McDonald v. Hickman County Jail et al
MEMORANDUM signed by Chief Judge Waverly D. Crenshaw, Jr on 8/29/2017. (xc:Pro se party by regular mail. ) (DOCKET TEXT SUMMARY ONLY-ATTORNEYS MUST OPEN THE PDF AND READ THE ORDER.)(ab)
UNITED STATES DISTRICT COURT
MIDDLE DISTRICT OF TENNESSEE
BURNACE R. MCDONALD, JR.,
HICKMAN COUNTY JAIL,
CHIEF JUDGE CRENSHAW
Burnace McDonald, Jr., a resident of Columbia, Tennessee, and former inmate of the
Hickman County Jail in Centerville, Tennessee, brings this pro se, in forma pauperis action under
42 U.S.C. § 1983 against the Hickman County Jail, Southern Health Partners, and Lori Fuller,
alleging violations of the Plaintiff’s federal civil and constitutional rights. (Doc. No. 1). As relief,
the Plaintiff seeks reimbursement for medical costs he has incurred, damages for pain and suffering,
and injunctive relief. (Id. at 6).
The complaint is before the Court for an initial review pursuant to 28 U.S.C. § 1915(e)(2)
because the Plaintiff filed his complaint in forma pauperis.
Required Screening of In Forma Pauperis Complaint
Because the Plaintiff is proceeding as a pauper in this action, the Court must conduct an
initial review of the complaint under 28 U.S.C. § 1915(e)(2) and dismiss it or any portion of it
that is frivolous or malicious, fails to state a claim for which relief may be granted, or seeks
monetary relief from a defendant who is immune from such relief. In assessing whether the
complaint states a claim on which relief may be granted, the Court applies the standards under
Rule 12(b)(6) of the Federal Rules of Civil Procedure, as construed by Ashcroft v. Iqbal, 556
U.S. 662, 678-79 (2009), and Bell Atlantic Corp. v. Twombly, 550 U.S. 544, 555-57 (2007). See
Hill v. Lappin, 630 F.3d 468, 470-71 (6th Cir. 2010) (holding that “the dismissal standard
articulated in Iqbal and Twombly governs dismissals for failure to state a claim under §
1915(e)(2)(B)(ii)] because the relevant statutory language tracks the language in Rule 12(b)(6)”).
“Accepting all well-pleaded allegations in the complaint as true, the Court ‘consider[s]
the factual allegations in [the] complaint to determine if they plausibly suggest an entitlement to
relief.’” Williams v. Curtin, 631 F.3d 380, 383 (6th Cir. 2011) (quoting Iqbal, 556 U.S. at 681)
(alteration in original). “[P]leadings that . . . are no more than conclusions are not entitled to
the assumption of truth. While legal conclusions can provide the framework of a complaint, they
must be supported by factual allegations.” Iqbal, 556 U.S. at 679; see also Twombly, 550 U.S. at
555 n.3 (“Rule 8(a)(2) still requires a ‘showing,’ rather than a blanket assertion, of entitlement to
relief. Without some factual allegation in the complaint, it is hard to see how a claimant could
satisfy the requirement of providing not only ‘fair notice’ of the nature of the claim, but also
‘grounds’ on which the claim rests.”).
“Pro se complaints are to be held to less stringent standards than formal pleadings drafted
by lawyers, and should therefore be liberally construed.” Williams, 631 F.3d at 383 (internal
quotation marks and citation omitted). Pro se litigants, however, are not exempt from the
requirements of the Federal Rules of Civil Procedure. Wells v. Brown, 891 F.2d 591, 594 (6th
Cir. 1989); see also Brown v. Matauszak, 415 F. App’x 608, 613 (6th Cir. 2011) (“[A] court
cannot create a claim which [a plaintiff] has not spelled out in his pleading”) (internal quotation
marks and citation omitted); Payne v. Sec’y of Treas., 73 F. App’x 836, 837 (6th Cir. 2003)
(affirming sua sponte dismissal of complaint pursuant to Fed. R. Civ. P. 8(a)(2) and stating,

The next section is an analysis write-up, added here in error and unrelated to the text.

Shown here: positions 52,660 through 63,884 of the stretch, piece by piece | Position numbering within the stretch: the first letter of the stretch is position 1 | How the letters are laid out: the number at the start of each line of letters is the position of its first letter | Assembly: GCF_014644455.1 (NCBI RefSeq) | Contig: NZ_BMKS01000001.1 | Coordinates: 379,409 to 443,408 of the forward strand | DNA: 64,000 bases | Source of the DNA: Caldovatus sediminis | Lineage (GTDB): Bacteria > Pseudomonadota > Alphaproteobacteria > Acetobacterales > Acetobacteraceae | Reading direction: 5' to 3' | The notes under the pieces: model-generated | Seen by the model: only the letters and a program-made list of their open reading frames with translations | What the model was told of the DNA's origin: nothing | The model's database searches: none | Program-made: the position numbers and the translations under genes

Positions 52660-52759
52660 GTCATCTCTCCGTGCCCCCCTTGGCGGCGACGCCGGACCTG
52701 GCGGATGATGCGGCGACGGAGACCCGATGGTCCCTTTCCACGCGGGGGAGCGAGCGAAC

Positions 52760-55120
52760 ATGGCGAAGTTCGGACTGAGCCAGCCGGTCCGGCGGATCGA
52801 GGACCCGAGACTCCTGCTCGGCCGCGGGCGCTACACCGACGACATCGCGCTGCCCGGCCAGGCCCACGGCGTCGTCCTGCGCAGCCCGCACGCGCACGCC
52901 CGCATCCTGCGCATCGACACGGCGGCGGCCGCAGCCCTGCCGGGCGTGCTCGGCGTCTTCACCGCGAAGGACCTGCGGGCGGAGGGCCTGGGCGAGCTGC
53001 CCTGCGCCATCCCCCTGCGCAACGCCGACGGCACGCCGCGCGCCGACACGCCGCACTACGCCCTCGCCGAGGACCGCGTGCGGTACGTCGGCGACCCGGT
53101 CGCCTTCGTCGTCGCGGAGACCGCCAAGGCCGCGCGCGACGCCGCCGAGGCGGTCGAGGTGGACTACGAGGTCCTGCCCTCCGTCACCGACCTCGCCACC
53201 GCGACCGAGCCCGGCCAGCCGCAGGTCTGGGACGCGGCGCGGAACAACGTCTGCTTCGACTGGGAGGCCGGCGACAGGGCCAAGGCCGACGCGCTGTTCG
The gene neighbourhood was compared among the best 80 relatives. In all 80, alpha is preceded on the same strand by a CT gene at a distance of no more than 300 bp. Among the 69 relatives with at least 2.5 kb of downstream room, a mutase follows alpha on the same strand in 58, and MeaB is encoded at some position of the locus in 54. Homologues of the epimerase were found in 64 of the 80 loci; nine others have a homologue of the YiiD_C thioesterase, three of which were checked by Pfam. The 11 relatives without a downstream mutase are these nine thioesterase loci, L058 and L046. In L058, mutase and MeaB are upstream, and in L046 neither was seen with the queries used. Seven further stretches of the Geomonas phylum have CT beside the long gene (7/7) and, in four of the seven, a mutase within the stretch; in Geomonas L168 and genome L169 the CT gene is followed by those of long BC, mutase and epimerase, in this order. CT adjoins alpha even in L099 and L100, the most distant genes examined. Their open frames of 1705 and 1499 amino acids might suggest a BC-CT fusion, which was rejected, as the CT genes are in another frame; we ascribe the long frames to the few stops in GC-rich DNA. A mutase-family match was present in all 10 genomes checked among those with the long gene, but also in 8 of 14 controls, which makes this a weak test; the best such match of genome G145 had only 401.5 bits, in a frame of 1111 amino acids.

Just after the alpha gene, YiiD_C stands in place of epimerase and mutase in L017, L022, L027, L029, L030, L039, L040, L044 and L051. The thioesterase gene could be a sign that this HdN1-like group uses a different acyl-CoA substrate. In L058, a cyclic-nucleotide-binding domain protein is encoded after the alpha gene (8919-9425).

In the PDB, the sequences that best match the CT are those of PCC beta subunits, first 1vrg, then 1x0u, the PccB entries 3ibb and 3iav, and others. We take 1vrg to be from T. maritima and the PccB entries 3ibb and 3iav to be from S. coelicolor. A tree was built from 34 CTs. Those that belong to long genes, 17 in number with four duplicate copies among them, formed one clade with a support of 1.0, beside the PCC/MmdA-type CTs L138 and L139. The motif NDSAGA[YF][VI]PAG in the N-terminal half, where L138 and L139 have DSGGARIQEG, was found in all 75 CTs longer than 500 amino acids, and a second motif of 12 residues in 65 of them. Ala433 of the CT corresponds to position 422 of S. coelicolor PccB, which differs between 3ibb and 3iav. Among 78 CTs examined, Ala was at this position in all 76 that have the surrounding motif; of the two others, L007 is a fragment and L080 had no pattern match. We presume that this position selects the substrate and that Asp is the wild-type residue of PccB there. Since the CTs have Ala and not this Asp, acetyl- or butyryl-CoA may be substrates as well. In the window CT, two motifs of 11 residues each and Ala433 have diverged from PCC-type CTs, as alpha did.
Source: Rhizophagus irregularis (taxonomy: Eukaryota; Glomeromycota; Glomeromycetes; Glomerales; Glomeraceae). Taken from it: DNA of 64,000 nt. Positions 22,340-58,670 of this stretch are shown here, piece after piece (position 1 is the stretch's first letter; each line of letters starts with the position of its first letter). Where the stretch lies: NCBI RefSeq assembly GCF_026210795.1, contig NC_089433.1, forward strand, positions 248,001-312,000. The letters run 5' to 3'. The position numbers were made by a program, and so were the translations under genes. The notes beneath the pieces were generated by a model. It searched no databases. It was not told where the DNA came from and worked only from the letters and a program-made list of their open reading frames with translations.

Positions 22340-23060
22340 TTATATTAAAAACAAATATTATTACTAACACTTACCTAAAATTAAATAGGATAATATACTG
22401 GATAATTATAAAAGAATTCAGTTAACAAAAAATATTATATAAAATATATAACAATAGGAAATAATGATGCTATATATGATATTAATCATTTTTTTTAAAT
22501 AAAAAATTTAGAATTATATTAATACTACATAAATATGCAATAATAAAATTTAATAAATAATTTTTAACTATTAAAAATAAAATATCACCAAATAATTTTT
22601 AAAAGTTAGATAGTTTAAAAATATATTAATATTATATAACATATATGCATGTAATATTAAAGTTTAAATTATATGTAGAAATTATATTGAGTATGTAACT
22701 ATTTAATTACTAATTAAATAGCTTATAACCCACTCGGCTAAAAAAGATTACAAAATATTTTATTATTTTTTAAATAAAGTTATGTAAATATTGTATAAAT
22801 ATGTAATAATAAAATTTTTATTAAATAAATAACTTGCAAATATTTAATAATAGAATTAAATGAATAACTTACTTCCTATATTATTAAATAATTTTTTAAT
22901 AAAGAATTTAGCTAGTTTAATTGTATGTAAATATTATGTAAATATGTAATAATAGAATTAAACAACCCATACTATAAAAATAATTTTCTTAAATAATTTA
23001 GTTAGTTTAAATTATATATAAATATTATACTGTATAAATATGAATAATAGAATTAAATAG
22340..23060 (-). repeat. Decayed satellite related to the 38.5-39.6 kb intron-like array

“[n]either this court nor the district court is required to create Payne’s claim for her”); cf. Pliler
v. Ford, 542 U.S. 225, 231 (2004) (“District judges have no obligation to act as counsel or
paralegal to pro se litigants.”); Young Bok Song v. Gipson, 423 F. App’x 506, 510 (6th
Cir.2011) (“[W]e decline to affirmatively require courts to ferret out the strongest cause of action
on behalf of pro se litigants. Not only would that duty be overly burdensome, it would transform
the courts from neutral arbiters of disputes into advocates for a particular party. While courts are
properly charged with protecting the rights of all who come before it, that responsibility does not
encompass advising litigants as to what legal theories they should pursue.”).
Section 1983 Standard
Plaintiff brings his federal claims pursuant to 42 U.S.C. § 1983.
Title 42 U.S.C. § 1983
creates a cause of action against any person who, acting under color of state law, abridges
“rights, privileges, or immunities secured by the Constitution and laws . . . .” To state a claim
under § 1983, a plaintiff must allege and show two elements: (1) that he was deprived of a right
secured by the Constitution or laws of the United States; and (2) that the deprivation was caused
by a person acting under color of state law. Tahfs v. Proctor, 316 F.3d 584, 590 (6th Cir. 2003);
42 U.S.C. § 1983.
According to the complaint, the Plaintiff is a United States veteran receiving full
disability benefits. He has been incarcerated at the Hickman County Jail on and off since 2014.
During his periods of incarceration, Defendants have refused to provide the Plaintiff with his
prescribed medications for depression and post-traumatic stress disorder (PTSD). In 2014, the
Plaintiff’s attorney went before a Hickman County judge who ordered the jail to provide the
Plaintiff with his medications. However, the complaint alleges that, during his most recent
period of incarceration, the medications were not provided to the Plaintiff and at times he was
placed in isolation as punishment for requesting his medications.
In September 2015, Defendant Nurse Fuller told the Plaintiff that he did not need his
medications. She ordered him to take a blood test and then told him that the results of the test
proved he did not have a mental illness. When the jail would not provide the medications the
Plaintiff had been prescribed by outside physicians, the Plaintiff ordered the medications and
paid for them himself, but the jail would not dispense them. The complaint alleges that the
Plaintiff’s mental health deteriorated and the Plaintiff “has suffered greatly” as a result of not
receiving his medication. In his complaint, the Plaintiff states: “I have waited this long to file
suite [sic] because I’m soon to be released and feared the isolation lockdown for 23 hrs a day.”
(Doc. No. 1 at 5, 7-8). The Plaintiff subsequently was released from the Hickman County Jail.
(Doc. No. 3).